WASH INGTON (B)-- If Texas Gov. George W. Bush wins the U.S. presidency, Congress would probably approve a "substantial" tax cut, Senate Majority Leader Trent Lott, R-MS said Dec. 10. However, Senate Democratic leader Tom Daschle, said the incoming Congress, with an equally divided Senate, would not approve a tax cut anywhere near the size of the $1.3-trillion over 10 years that Bush has advocated since December 1999.
Lott would not predict enactment of a tax cut as large as Bush has advocated, but "I think there will be a major tax bill next year." Lott said a large tax cut would stimulate a slowing U.S. economy and help spur investment in energy production in the face of tightening petroleum supplies.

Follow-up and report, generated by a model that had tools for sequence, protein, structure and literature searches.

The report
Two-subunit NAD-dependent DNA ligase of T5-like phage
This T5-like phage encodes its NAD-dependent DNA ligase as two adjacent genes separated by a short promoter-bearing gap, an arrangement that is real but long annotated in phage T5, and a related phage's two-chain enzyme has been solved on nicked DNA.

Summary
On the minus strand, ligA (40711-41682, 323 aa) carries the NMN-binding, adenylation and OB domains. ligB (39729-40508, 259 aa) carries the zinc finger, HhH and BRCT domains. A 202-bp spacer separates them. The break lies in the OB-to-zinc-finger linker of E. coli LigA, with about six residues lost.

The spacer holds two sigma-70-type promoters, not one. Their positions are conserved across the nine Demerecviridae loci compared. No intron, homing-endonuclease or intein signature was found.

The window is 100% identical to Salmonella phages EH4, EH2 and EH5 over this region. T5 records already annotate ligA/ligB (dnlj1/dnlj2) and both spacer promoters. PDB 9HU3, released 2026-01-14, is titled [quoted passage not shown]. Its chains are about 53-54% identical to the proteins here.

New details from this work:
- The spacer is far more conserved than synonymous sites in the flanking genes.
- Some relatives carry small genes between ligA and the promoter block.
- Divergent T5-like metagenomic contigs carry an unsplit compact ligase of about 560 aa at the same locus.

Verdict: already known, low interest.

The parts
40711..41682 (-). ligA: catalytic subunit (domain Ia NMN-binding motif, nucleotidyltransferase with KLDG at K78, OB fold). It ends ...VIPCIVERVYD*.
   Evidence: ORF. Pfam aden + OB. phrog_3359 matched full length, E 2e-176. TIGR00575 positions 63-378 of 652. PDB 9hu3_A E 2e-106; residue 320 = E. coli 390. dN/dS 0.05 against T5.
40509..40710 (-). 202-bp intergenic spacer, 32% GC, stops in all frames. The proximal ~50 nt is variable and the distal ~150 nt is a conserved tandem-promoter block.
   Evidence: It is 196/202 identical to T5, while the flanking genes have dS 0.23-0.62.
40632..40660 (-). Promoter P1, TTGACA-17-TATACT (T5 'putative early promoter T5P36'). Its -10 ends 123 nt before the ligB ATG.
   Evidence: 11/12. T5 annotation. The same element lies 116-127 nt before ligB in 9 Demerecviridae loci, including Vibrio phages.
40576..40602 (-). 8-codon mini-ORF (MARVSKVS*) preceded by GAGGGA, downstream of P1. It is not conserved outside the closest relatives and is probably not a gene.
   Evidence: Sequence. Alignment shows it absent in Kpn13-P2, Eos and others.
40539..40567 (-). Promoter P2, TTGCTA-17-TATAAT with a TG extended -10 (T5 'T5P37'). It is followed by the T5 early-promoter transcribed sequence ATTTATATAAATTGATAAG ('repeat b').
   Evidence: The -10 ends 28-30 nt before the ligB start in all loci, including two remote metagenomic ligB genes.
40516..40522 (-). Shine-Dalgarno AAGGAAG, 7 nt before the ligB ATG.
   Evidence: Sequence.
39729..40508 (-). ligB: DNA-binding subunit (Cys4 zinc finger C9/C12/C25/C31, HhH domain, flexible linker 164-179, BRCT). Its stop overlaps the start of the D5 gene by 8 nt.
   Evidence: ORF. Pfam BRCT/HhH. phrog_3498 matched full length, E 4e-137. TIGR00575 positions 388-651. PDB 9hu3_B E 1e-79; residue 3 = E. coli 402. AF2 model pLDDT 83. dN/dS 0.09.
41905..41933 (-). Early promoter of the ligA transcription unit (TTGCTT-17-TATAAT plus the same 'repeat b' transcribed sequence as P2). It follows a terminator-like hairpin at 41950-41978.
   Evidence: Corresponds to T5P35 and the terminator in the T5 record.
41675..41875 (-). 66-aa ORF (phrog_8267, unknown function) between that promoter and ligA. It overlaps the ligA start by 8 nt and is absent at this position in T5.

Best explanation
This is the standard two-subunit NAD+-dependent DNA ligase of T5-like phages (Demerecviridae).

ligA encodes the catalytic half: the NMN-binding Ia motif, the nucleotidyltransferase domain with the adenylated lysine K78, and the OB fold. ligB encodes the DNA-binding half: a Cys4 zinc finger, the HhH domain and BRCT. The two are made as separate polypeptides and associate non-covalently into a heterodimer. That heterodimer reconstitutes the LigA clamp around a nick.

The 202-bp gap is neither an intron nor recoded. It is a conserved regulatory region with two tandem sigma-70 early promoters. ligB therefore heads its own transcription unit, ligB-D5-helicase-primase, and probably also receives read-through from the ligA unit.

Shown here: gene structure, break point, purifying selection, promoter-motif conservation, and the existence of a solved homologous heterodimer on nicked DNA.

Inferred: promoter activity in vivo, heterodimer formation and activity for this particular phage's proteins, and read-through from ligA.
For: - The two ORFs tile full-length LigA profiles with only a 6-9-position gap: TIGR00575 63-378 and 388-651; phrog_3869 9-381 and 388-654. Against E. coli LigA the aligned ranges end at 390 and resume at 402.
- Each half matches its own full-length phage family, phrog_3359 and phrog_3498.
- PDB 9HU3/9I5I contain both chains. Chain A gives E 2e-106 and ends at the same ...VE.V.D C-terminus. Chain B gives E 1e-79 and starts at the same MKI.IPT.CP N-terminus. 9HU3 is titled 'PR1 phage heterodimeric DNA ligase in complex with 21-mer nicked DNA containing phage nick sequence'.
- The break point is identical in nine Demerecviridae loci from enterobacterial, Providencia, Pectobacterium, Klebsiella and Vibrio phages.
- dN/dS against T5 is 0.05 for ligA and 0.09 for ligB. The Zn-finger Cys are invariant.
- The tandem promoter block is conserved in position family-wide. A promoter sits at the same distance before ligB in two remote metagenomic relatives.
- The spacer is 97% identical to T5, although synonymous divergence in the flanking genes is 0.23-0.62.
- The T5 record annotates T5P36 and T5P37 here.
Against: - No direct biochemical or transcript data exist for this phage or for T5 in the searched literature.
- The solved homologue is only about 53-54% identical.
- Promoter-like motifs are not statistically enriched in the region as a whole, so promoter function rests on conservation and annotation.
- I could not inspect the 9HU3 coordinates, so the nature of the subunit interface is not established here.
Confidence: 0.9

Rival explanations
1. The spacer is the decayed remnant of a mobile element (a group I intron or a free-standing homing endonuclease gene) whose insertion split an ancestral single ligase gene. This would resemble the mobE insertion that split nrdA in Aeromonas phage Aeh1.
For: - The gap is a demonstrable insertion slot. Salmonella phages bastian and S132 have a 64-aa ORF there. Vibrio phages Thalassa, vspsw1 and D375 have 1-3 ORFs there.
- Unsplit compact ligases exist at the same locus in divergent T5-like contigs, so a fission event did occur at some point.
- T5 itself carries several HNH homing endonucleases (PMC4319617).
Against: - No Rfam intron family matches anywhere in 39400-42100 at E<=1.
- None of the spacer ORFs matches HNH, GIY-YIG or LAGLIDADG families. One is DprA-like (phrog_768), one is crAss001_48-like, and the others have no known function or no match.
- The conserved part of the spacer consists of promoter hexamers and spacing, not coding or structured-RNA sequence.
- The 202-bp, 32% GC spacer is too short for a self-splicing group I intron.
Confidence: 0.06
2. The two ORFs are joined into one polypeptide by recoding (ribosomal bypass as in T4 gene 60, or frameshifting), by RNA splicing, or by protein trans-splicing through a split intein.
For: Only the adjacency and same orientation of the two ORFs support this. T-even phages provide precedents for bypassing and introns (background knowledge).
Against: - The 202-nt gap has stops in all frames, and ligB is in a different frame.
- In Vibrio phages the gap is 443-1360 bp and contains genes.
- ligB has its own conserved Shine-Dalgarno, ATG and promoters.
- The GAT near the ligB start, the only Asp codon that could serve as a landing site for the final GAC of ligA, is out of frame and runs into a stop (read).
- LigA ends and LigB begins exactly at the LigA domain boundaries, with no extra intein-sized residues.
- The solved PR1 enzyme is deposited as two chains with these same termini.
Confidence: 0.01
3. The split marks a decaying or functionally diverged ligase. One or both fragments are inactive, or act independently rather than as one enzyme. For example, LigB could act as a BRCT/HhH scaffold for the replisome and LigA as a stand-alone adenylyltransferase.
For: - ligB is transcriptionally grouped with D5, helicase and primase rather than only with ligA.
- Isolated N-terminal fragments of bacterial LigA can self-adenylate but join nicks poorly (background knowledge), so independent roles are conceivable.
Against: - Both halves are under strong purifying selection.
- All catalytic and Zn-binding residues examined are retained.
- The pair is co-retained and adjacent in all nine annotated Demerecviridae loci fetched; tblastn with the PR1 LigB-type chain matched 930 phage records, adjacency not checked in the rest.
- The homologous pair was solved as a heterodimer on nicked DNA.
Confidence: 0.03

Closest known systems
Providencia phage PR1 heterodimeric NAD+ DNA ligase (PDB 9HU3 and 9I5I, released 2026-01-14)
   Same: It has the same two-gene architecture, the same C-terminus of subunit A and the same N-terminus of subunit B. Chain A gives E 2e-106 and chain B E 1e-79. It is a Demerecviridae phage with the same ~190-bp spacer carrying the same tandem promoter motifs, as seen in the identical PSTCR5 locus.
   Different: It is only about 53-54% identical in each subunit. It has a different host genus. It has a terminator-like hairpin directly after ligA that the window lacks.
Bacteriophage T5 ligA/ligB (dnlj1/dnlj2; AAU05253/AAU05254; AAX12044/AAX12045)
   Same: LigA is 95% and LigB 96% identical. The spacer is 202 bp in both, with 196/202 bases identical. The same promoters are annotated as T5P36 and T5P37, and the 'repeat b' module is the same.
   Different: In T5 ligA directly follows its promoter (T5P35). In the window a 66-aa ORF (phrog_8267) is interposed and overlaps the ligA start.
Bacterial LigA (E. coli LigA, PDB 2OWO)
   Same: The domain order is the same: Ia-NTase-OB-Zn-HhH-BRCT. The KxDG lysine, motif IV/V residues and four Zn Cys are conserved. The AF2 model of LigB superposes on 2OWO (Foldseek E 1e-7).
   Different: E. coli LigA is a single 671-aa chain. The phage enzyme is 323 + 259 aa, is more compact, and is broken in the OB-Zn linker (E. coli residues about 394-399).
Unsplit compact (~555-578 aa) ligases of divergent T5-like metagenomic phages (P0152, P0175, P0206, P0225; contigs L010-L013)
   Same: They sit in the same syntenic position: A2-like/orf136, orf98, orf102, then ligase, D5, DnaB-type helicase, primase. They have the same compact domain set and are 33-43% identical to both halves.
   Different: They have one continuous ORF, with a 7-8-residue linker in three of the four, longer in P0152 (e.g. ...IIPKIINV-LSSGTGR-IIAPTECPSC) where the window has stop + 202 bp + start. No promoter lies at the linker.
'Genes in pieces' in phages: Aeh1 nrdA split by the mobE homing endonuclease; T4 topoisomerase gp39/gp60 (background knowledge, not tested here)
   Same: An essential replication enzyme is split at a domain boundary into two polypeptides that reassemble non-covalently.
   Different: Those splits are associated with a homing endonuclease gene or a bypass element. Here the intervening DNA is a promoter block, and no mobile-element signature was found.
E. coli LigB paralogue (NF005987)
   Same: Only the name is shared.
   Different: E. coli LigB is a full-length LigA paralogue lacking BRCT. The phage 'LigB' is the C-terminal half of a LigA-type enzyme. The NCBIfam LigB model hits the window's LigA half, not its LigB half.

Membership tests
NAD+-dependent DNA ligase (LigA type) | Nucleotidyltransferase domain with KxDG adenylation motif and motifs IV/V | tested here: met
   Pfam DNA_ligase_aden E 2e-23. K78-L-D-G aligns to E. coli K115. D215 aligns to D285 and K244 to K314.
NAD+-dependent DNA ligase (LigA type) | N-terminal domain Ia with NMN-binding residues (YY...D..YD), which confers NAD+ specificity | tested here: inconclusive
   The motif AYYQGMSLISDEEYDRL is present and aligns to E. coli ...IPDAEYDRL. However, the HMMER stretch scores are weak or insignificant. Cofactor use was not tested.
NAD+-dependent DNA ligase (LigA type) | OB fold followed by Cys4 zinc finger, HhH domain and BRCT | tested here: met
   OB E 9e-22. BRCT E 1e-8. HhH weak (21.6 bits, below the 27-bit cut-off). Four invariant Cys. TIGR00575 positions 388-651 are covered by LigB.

While Democrats are "willing to work" with Republicans on a tax cut, " I do not think that we'll ever go to the magnitude that George Bush has proposed," Daschle said.
The U.S. needs to use much of its expected budget surpluses to continue retiring national debt, Daschle said. A tax cut the size of Bush's would "destroy the fiscal opportunities we have to retire the debt in the not-too-distant future," he said.
If Bush has his Republican allies introduce and press for his current tax cut, "the signal that would send is that they really are not prepared to work with us," Daschle said.
Daschle again said Democrats would insist on equal power and influence in a Senate that will be split 50-50 when the new Congress convenes Jan. 3. Both lawmakers were interviewed on CBS TV's "Face the Nation."